Door in Cannaregio Venice showing bottom panel seal against water entry during aqua alta (C) Daniel FriedmanFlashing Details for Exterior Doors & Windows
Best Practices

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Door & window flashing & sealing:

This article describes the proper flashing details for exterior doors to avoid air leaks, rot, decay, and energy losses at doors.

In this article series we discuss the selection and installation of windows and doors, following best construction and design practices for building lighting and ventilation, with attention to the impact on building heating and cooling costs, indoor air quality, and comfort of occupants.

We review the proper installation details for windows and doors, and we compare the durability of different window and door materials and types.

Page to photo: an entry door in Cannaregio in Venice showing the door bottom sealing insert panel used to block water entry at the door bottom during periods of aqua alta.

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Guide to Exterior Door Flashing Details

As detailed in Best Practices Guide to Residential Construction Chapter 3, BEST PRACTICES GUIDE: WINDOWS & DOORS:

Doors are flashed the same as windows on the sides and top, and similarly at the sill. Clad door frames are flashed like clad windows (see our window flashing illustrations below, Figures 3-13, Figure 3-15, Figure 3-16) and solid wood frames are flashed like traditional windows with brickmold (Figures 3-17 also below).

[Click to enlarge any image]

(C) J Wiley, S Bliss

Figure 3-13: Installing Flange-type Doors or WIndows Over House-Wrap

(C) J Wiley, S Bliss

Figure 3-15: Installing Flange-type Doors or Windows Before the House Wrap is Applied

(C) J Wiley, S Bliss

Figure 3-16: Installing Flange-type Doors & Windows with Felt Paper

(C) J Wiley, S Bliss

This article includes excerpts or adaptations from Best Practices Guide to Residential Construction, by Steven Bliss, courtesy of Wiley & Sons.

See WINDOWS & DOORS our home page for window and door information, and also see WINDOW TYPES - Photo Guide for a photographic guide to window and door types and architectural styles.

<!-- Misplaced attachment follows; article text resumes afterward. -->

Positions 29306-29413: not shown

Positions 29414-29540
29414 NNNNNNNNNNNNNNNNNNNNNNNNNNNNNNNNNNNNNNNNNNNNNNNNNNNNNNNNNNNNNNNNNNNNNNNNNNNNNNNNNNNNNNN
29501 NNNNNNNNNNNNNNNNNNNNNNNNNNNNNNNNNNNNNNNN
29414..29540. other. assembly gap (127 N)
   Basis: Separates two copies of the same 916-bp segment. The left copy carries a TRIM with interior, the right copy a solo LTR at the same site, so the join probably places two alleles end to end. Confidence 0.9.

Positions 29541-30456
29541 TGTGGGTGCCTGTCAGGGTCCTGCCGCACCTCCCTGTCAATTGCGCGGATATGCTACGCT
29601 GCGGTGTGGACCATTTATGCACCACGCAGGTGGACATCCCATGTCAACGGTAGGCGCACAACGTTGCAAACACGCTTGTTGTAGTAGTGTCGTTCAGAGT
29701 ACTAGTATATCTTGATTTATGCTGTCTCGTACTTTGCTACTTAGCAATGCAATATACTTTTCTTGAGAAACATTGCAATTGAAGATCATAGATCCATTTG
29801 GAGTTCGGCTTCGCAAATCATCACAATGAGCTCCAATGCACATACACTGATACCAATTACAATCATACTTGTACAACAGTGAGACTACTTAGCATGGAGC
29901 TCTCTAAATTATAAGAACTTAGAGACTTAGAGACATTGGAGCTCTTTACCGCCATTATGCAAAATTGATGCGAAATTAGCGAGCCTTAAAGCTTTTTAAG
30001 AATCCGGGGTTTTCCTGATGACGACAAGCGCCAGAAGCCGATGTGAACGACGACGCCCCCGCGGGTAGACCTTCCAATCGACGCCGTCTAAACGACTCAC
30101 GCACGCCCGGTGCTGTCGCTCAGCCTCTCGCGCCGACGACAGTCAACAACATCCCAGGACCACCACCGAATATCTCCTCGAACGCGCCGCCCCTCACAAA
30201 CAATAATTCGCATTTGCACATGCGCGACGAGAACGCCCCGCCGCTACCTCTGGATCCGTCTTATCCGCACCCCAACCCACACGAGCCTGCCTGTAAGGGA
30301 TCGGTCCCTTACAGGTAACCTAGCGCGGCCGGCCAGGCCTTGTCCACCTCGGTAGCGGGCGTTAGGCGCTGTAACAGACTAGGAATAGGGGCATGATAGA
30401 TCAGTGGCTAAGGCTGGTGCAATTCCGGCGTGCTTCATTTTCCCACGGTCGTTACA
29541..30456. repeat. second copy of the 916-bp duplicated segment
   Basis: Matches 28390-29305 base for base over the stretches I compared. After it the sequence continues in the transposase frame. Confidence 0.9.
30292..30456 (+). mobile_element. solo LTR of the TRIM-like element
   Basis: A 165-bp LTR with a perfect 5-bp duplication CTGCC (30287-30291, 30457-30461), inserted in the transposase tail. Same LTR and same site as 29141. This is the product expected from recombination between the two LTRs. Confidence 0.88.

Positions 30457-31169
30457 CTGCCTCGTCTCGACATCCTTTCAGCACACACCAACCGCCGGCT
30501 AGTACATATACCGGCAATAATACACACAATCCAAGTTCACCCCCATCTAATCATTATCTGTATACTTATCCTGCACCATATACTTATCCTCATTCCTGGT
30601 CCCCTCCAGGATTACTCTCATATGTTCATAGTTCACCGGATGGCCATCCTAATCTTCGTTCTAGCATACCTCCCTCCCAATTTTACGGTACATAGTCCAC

Figure 3-17: Installing Doors & Windows with Brickmold Trim

Unless a door is well-protected by a porch or large overhang, good pan flashing at the sill is critical to prevent water from seeping into the floor framing.

Doors leading to patios and decks are particularly vulnerable to wetting around the sill from splashback and, in cold climates, from snow buildup.

Pan Flashing for Exterior Doors & Windows - Rot below a Sliding Glass Door

Sliding door sill installed with no pan flashing (C) Daniel Friedman

Above: this aluminum sill for a sliding glass door was installed over the plywood subfloor of the author's New York offices in the 1970's. The carpenter used no pan flashing. Below our next photo shows the extensive rot that ensued.

Prefab plastic door pans typically come in three sections that are fused together at the required length with solvent-based cement. Metal pans require a brake to form and should be caulked or, preferably, soldered at corners.

Sliding door sill rot (C) Daniel Friedman

In fact the absence of effective flashing at this 20-year-old sliding glass door (photo above) led to the need for a complete door, door jamb, and trim replacement on this Poughkeepsie home.

When the new door was installed we included a sit-built pan flashing and membrane flashing around the door for a more durable replacement.

Peel-and-stick membranes have become increasingly popular due to their ease of use and flexibility. Whether to use a metal pan, plastic pan, or peel-and stick membranes is a matter of personal preference as all work well (see Figure 3-26 below).

(C) J Wiley, S Bliss

Figure 3-26 - above, flashing details above and below an exterior door

(C) J Wiley, S Bliss

Figure 3-27 - above, pan flashing and threshold details below an entry door

Whatever material is used, all pans should have a dam on the ends and along the inside edge

On the exterior, the pan flashing should lap over the deck or masonry flashing below. If forming a pan with peel-and-stick membrane, carry it up the sides at least 6 inches, and turn up the inside edge so it is held in place by the underlayment or finish flooring (Figure 3-27 above).

Also see 

Window and Door Resources: where to buy window and door products

As noted in Best Practices Guide to Residential Construction Chapter 3, BEST PRACTICES GUIDE: WINDOWS & DOORS:

Manufacturers of Windows & Doors

Windows and Patio Doors

Door Manufacturers & Products Guide

Exterior door without need for pan flashing (C) Daniel Friedman Brooklyn NY

Photo: an example of an exterior door exposed to weather that can get by with no pan flashing whatsoever. This metal door, installed in a soldiers and sailors monument in Brooklyn, New York, opens over a stone threshold that is yet another step above grade level.

Both the threshold and the step drain towards the exterior.

A modest angle-flashing affixed to the door bottom directs wind-blown rain down the door and out to the exterior. [Click to enlarge any image]

Industry Associations for Windows & Doors

-- Adapted and paraphrased, edited, and supplemented, with permission from Best Practices Guide to Residential Construction.


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